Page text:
ATTENTION: Are you a straight girl on gay Tinder? You may be participating in FOMOsexuality!

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Nah, it’s actually spelled fauxmosexuality and it’s a phenomenon that has been meticulously studied by one of Emerson’s very own, Dr. Kristin J. Lieb, beloved professor and author of the book Gender, Branding, and The Modern Music Industry: The Social Construction of Female Popular Music Stars. Sorry for the clickbait—I promise we’ll get back to that pot-stirring declaration later, but first, we have to lay some groundwork.

Lieb defines fauxmosexuality as “a video production strategy in which straight-identified female artists play gay for the camera in order to court the male gaze and everything that its approval enables such as attention and money.” For those of you a little fuzzy on that buzzword, male gaze, it’s a term that theorist Laura Mulvey coined back in the 70s and it refers to the lens through which hetero dudes look at women, and through which women are forced to view themselves.

So—what does fauxmosexuality look like?

Did you ever see the music video for “Can’t Remember to Forget You” with Shakira and Rihanna? I bet you’ve seen the music video for Katy Perry’s “I Kissed a Girl”—regardless of how you feel about her, that song was an ‘08 bop. Well, both music videos include performances of eroticism between women: Shakira and Rihanna writhe around on a bed and caress each other’s perfect butts and Perry and her friends have a fun and flirty pillow fight in their underwear. At the end of KP’s video, she wakes up next to her boyfriend; phew, it was all a dream.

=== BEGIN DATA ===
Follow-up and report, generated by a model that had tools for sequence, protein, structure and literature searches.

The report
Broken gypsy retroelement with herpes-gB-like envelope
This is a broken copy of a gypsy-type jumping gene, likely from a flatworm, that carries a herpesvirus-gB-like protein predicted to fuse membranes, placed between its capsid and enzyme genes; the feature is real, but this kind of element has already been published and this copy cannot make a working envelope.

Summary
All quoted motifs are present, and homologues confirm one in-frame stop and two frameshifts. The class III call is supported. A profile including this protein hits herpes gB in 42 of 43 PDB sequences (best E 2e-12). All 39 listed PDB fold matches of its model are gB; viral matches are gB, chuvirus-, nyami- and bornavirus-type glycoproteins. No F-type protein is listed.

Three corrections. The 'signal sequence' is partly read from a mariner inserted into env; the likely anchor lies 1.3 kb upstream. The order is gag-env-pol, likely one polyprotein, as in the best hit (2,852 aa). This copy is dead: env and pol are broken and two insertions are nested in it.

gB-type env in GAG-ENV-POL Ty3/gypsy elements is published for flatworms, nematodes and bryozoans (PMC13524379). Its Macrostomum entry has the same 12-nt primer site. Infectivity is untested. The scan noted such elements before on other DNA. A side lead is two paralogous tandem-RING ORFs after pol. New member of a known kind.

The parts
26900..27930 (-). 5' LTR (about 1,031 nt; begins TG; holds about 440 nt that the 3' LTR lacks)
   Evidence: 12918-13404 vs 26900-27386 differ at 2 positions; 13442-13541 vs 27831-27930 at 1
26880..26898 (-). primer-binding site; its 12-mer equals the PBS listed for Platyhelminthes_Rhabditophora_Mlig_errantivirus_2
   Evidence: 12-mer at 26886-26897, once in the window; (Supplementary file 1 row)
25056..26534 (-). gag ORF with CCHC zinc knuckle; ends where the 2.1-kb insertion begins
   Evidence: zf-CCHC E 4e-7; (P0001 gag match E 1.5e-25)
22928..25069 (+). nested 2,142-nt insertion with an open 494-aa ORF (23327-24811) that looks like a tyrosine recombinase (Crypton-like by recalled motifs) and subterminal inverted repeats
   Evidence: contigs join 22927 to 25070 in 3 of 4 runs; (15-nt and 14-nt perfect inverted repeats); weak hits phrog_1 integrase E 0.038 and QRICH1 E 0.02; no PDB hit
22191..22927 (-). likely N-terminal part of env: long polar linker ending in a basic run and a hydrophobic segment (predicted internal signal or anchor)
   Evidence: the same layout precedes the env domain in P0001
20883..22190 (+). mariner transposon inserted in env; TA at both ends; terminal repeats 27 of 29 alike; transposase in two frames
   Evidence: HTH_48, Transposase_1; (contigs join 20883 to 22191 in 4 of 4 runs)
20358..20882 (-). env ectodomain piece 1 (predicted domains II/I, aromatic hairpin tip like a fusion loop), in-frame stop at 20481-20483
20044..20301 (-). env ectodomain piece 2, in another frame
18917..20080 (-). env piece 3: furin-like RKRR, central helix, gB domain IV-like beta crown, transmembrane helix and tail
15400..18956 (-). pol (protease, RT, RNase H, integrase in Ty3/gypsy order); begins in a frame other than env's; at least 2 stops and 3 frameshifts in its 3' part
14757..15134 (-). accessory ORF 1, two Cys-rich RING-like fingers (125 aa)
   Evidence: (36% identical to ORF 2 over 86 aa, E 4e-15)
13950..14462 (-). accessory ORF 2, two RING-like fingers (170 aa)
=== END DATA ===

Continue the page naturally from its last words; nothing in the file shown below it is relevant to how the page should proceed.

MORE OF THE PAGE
Speaking of boyfriends, in a 2014 interview with Billboard magazine, Shakira said of hers: “He’s very territorial, and since he no longer lets me do videos with men, well, I have to do them with women.” She said this with a laugh, but these words insinuate that relationships with women don’t count, which totally invalidates the identities of lesbian, bi, and pansexual people, and that’s no laughing matter.

Some stars try to package their girl-on-girl on-camera action as some sort of celebration of sexual diversity, but how can that be if they’re not engaging with each other the way two people who are genuinely attracted to each other would? In “I Kissed a Girl,” no girls are kissed, and in “Can’t Remember to Forget You,” no lips lock either, no eyes even lock.

What’s more, the female pop stars perpetuating fauxmosexuality (Katy Perry, Rihanna, Shakira, Madonna, Nicki Minaj, etc.) are all highly feminine and gender normative and, thus, their images are pretty much constructed to please male audiences. The real nail in the coffin though is that all these stars publicly identify as straight, sealing the deal that these performances are just playing into male lesbian porn fantasies for commercial gain.

When Professor Lieb first mentioned fauxmosexuality in class, I thought it was spelled FOMOsexuality, as in Fear of Missing Out, and my brain went immediately to this thing I’ve been lazily calling “straight girls on gay Tinder.” The age of swiping left and right has ushered in a new phenomenon of women who have historically identified as straight switching on the option of women in their dating app preferences.